Driving: So now the road signs have gotten harder to read or the person who erected them has them pointing in the wrong direction…your reaction time to the car in front of you stopping is not as quick as it once was…those pedals on the floor sometimes interchange in function and while you know you definitely stepped on the brake, the car sprang forward at a tremendous speed, stopping only once inside at the nail polish display in the drug store. Others in the car—the folks who used to be engaged in their own conversations and ignoring you as you drove—are now fully focused on you and completely at ease with warning you about every upcoming stop sign, red light, pedestrian or squirrel in the middle of the street. Your spouse is sitting in the seat next to you—yep, the same person you used to snuggle with and maybe even get a little frisky with while you tolled down the highway at 65mph. Now, as you look over, said spouse has a vice-like grip on the ceiling strap above the window, is especially vocal about the space between you and car in front and breath-stokes every time you change lanes, make a turn or fail to realize the speedometer has a red needle poised over the “90.” At some point in time, the official at the DMV takes your license and doesn’t pound that heretofore automatic “renewed” stamp on its face. Nope, your keys are turned in and your garage door is closed…for good.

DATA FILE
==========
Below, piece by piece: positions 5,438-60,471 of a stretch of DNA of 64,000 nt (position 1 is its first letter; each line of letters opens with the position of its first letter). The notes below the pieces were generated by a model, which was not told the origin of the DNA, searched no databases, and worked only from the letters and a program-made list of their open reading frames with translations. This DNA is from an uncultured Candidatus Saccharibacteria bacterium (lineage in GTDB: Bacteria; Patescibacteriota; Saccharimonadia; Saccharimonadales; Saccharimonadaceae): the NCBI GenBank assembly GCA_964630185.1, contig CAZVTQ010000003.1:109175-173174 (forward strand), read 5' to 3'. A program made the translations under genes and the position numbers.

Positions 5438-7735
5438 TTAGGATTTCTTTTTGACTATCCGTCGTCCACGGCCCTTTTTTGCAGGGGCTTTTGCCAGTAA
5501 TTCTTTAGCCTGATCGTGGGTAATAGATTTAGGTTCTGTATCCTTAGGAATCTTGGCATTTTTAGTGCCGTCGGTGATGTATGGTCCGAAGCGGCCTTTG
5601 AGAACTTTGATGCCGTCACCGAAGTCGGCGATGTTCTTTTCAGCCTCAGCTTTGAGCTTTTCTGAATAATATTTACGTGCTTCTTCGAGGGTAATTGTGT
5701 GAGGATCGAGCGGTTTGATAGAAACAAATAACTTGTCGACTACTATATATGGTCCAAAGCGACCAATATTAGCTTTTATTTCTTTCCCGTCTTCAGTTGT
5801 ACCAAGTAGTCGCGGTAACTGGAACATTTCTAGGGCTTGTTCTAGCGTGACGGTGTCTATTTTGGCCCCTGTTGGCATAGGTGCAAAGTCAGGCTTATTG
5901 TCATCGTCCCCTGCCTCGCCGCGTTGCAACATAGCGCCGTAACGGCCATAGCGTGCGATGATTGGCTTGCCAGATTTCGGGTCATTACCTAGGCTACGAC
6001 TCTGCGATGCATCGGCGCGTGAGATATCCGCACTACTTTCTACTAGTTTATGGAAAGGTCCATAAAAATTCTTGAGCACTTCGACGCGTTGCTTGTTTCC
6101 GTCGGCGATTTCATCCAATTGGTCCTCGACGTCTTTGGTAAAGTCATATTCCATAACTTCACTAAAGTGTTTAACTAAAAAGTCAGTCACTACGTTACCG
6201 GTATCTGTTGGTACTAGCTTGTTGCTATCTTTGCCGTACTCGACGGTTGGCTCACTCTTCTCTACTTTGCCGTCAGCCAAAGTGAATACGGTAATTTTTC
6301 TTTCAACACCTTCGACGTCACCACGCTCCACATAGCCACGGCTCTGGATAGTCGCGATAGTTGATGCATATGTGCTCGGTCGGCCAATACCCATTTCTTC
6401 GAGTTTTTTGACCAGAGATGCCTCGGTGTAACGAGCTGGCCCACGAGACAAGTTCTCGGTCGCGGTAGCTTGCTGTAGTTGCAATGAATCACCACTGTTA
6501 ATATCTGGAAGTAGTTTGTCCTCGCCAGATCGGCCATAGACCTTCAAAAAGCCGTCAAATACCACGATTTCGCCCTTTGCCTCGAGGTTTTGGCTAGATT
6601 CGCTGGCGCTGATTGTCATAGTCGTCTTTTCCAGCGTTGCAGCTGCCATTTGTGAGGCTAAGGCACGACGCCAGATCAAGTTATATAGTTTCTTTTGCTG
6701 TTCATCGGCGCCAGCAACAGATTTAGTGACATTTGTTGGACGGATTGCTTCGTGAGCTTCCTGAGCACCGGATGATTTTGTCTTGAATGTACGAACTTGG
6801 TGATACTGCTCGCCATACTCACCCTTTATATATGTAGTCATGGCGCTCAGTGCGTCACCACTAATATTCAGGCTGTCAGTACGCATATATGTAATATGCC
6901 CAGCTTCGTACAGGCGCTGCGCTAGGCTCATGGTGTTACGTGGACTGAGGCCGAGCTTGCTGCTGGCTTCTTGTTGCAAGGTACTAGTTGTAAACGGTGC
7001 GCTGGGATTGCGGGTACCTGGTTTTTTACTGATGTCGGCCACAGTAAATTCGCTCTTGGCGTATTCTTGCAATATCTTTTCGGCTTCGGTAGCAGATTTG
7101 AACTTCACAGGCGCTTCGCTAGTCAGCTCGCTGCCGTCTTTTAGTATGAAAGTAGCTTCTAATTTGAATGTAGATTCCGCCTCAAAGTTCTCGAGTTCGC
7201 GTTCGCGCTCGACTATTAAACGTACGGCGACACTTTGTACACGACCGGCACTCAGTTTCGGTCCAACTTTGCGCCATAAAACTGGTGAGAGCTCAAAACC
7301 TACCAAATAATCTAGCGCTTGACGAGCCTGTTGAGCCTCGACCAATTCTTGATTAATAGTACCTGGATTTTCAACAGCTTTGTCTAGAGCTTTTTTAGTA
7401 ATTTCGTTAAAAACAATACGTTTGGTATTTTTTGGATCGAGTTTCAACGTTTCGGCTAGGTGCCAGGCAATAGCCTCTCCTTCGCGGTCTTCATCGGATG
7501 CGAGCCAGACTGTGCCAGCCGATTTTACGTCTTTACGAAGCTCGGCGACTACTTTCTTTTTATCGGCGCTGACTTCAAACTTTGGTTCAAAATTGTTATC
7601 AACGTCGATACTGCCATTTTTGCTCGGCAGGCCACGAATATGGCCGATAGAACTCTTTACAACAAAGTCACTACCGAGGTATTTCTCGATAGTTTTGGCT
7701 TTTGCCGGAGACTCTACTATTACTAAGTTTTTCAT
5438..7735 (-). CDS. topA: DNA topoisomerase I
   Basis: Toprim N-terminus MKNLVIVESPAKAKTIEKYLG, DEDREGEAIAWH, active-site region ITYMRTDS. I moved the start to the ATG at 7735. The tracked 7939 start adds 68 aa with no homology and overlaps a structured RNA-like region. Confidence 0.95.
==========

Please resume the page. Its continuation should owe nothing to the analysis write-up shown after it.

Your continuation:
Living: The food smells good in the restaurant, but you can’t see the menu because someone turned out the lights and left only a small candle on the table. Beside, if it were light enough to read the menu, you’d have to hold it against your nose to see what it says because, as usual, you cannot find your glasses. It’s okay, because you are pretty much in your own world now anyway. Folks around you are engaged in their own conversations and ignoring you for the most part until you haphazardly launch a fart just as the room noise hits a slight lull. But you are still active and that is good. You make at least six trips to the restroom, usually embarking on a new one just as you’ve returned from the previous. Dessert is especially good, just like you remember how good it always was when you were a young child. When it is time to go, everyone is there to help hold you up, get you going in the right direction and making sure you don’t crash or collapse into anything expensive. At some point in time, you wind up staying home for all your meals. In fact, you pretty much stay home and don’t do anything anymore. You’ve been ask to hand in the salt shaker and that jar of hot peppers has disappeared. Your food supply is limited to cans of Campbell’s chicken noodle soup and a box of oatmeal or cream of wheat. Pointed utensils like forks and knives have been taken away from you. Soon, the cupboard doors will be closed…for good.
And so it goes…you drive; you live. And, as you go through each function, you find that there really isn’t much difference between the two. Fuel goes in, energy and movement come out. You learn how to get from point A to point B and then do it successfully for the better part of your life. In the end, you find a nice parking space under a shady tree. No sweat. Why it’s as easy as driving Miss Daisy to the Piggly Wiggly.